Candidates were then asked about the concerns of Renton residents. The 37th District includes a large swath of the city.
O’Sullivan responded by talking about Boeing and the big company’s history of moving headquarters and jobs out-of-state despite promises against doing so. He wanted to do away with tax breaks that don’t include accountability clauses.
Secrest said high school education is a primary concern, and Cotto agreed. Stafford mentioned transportation while Wineberry mentioned healthcare. He also randomly brought up his endorsements from precinct officers in Renton. Saldaña discussed youth services and renter protections being a Renton concern. Conrad felt listening to residents comes first, and backed O’Sullivan’s idea.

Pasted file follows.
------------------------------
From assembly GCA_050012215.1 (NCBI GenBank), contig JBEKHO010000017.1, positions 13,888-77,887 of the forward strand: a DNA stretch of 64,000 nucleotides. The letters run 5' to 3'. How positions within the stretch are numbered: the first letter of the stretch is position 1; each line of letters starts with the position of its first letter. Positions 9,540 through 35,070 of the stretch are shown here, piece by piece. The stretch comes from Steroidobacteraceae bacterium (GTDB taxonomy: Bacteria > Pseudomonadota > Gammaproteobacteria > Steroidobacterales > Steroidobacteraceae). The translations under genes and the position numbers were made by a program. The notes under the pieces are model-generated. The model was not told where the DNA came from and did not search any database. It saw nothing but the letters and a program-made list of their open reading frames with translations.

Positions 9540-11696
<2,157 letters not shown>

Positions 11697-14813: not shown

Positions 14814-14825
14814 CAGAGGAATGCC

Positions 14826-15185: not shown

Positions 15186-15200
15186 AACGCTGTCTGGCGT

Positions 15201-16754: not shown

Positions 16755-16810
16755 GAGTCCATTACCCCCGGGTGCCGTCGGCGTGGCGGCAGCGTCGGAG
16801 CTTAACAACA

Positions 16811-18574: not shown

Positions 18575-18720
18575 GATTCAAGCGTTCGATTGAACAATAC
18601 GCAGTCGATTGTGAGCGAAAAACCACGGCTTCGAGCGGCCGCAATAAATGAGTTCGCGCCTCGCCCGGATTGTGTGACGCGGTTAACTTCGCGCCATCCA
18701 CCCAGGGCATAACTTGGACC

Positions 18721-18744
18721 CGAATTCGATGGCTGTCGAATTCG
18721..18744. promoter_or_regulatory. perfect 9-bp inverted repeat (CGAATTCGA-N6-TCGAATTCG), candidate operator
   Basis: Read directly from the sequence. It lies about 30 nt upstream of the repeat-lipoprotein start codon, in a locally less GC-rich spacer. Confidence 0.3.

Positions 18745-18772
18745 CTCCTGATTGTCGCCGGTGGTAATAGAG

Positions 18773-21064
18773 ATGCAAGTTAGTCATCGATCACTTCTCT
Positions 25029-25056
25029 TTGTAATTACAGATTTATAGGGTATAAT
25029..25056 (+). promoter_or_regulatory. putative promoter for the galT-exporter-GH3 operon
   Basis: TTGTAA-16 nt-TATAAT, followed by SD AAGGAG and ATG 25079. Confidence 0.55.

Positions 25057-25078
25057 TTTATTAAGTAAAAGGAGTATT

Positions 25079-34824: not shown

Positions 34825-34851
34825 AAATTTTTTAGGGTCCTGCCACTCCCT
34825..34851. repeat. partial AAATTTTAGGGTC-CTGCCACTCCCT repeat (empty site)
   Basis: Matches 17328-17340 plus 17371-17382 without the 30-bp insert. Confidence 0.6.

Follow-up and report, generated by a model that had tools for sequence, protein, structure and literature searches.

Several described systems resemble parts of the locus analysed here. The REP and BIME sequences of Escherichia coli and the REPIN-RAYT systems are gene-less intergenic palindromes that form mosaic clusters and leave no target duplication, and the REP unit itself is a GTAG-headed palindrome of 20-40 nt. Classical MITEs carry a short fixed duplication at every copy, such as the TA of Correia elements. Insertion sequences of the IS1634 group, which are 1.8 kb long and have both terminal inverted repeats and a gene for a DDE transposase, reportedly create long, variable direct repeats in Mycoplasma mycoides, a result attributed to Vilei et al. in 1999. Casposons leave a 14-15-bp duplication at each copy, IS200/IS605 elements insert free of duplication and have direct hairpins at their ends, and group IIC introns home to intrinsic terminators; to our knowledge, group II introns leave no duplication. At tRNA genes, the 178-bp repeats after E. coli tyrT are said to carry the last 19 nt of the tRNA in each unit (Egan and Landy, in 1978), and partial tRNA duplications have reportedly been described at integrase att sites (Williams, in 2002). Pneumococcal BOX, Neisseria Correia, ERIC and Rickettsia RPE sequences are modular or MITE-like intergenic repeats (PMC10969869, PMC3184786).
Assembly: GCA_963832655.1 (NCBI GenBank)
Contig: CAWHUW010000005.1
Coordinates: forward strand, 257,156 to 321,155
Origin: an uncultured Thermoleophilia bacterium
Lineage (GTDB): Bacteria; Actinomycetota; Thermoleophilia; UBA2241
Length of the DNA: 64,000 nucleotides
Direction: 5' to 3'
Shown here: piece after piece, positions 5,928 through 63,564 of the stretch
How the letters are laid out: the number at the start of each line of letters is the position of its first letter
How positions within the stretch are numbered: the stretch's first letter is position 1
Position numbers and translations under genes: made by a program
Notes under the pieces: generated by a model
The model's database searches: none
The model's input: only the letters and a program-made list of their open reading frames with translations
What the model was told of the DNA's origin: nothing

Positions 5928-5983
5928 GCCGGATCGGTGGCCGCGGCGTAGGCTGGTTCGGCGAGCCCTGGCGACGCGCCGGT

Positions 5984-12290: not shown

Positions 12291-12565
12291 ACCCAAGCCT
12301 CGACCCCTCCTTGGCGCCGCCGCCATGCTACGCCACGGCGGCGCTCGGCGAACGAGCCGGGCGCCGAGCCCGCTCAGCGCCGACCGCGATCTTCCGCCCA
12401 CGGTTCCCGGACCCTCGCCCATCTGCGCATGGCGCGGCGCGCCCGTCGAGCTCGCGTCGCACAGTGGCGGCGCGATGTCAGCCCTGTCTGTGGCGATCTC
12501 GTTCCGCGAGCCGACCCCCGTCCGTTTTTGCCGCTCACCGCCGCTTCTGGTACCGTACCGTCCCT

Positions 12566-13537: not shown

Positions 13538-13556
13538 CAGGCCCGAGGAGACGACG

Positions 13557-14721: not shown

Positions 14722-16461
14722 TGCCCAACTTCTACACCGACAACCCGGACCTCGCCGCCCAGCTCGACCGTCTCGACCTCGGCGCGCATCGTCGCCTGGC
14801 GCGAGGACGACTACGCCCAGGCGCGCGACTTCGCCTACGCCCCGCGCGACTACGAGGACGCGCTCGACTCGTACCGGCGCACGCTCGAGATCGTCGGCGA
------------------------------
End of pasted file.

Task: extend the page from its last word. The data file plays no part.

Closing remarks were as follows:
- Saldaña: “I have the relationships to make something happen one day,” she said, noting her One America, and Washington State Labor Council ties, along with the endorsements of Jayapal and Rep. Brady Walkinshaw.
- Wineberry: “I’ve been there, done this, and I want to do it for you.”
- Stafford called himself an “analytical thought leader” who [as a white man] can represent a diverse community.
- Cotto wanted to have every parent “see high school as a life-changing experience for their children.”
- Secrest noted her work with the NAACP against mass incarceration, and then brought up a story about a short 80-year-old woman telling her to “give it to ‘em rawww.”